Said Partridge, "I think I'm realistic, that I've got as good a chance as Nancy has. I think we're both very good candidates, we're both qualified. We just have different qualifications and styles. I think if people get out and vote — and I'm hoping for an excellent voter turnout — the better the turnout, the better my chances."
Backus is proud of how her campaign has stuck to its game plan.
"One of the things I have said from the very beginning to all of our volunteers is that we are not going to run a negative campaign, and we are not going to get in the mud," Backus said. "That's not who I am, and if that's who I have to be to win, then I don't want it. I think we've done a pretty good job of staying out of that mud.
"There's been some finger pointing and things, but we're trying to stay positive. On our website we even have a "Rumor Central" where we try to dispel any of those rumors or half-truths and let people know where they can go to find more information."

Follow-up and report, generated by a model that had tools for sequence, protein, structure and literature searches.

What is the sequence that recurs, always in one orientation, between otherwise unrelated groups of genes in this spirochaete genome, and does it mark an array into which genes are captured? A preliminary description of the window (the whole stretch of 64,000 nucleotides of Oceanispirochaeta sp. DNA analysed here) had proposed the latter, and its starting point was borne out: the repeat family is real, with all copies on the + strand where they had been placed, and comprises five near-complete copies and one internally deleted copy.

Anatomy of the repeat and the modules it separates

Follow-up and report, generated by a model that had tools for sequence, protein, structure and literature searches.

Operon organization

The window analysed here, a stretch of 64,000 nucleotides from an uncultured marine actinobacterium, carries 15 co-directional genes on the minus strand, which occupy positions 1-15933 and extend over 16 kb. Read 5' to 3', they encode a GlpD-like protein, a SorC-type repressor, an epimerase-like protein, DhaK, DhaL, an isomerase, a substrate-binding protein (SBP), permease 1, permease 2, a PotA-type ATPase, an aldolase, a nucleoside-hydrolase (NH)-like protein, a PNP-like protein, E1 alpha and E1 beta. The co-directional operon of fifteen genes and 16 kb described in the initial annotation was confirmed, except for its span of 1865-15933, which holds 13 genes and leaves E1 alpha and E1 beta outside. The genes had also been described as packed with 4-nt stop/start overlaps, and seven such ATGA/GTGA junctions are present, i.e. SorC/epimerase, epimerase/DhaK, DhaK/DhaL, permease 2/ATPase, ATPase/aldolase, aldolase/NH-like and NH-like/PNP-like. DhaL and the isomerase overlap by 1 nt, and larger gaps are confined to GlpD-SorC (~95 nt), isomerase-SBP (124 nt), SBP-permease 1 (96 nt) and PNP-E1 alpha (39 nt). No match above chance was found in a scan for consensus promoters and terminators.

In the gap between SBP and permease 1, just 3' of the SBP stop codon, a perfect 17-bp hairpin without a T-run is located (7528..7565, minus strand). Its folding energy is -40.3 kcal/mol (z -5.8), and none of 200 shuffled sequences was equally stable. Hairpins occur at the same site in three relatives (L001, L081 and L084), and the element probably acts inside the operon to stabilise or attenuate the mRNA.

Partridge grades any campaign on the effort put into it and by its interaction with the community.
"I feel that we had an excellent opportunity to do what campaigns do, which is to listen to the public and be engaged. I feel I had ample time and opportunity to do that, so I would assess the campaign as very successful in terms of engaging the public and getting the message out. I don't feel that we could have done any better, as far as that goes," Partridge said. "Obviously voters now have the chance to respond, and I feel like they've got the information they need to make a good decision."
Both candidates said the campaign has been "extremely humbling," one long roller-coaster ride of emotions.
For Backus, it's the first time in her political career that she's ever had an opponent.
"I didn't have to do a great deal for those past campaigns. I was still out in the community because that's what I like to do. But this has been really humbling. To be out somewhere and have somebody come up and say, 'I'm behind you, I believe in you,' it can be surreal at times. And I take every one of them to heart. And if there is a criticism or a critique, I take that to heart, too."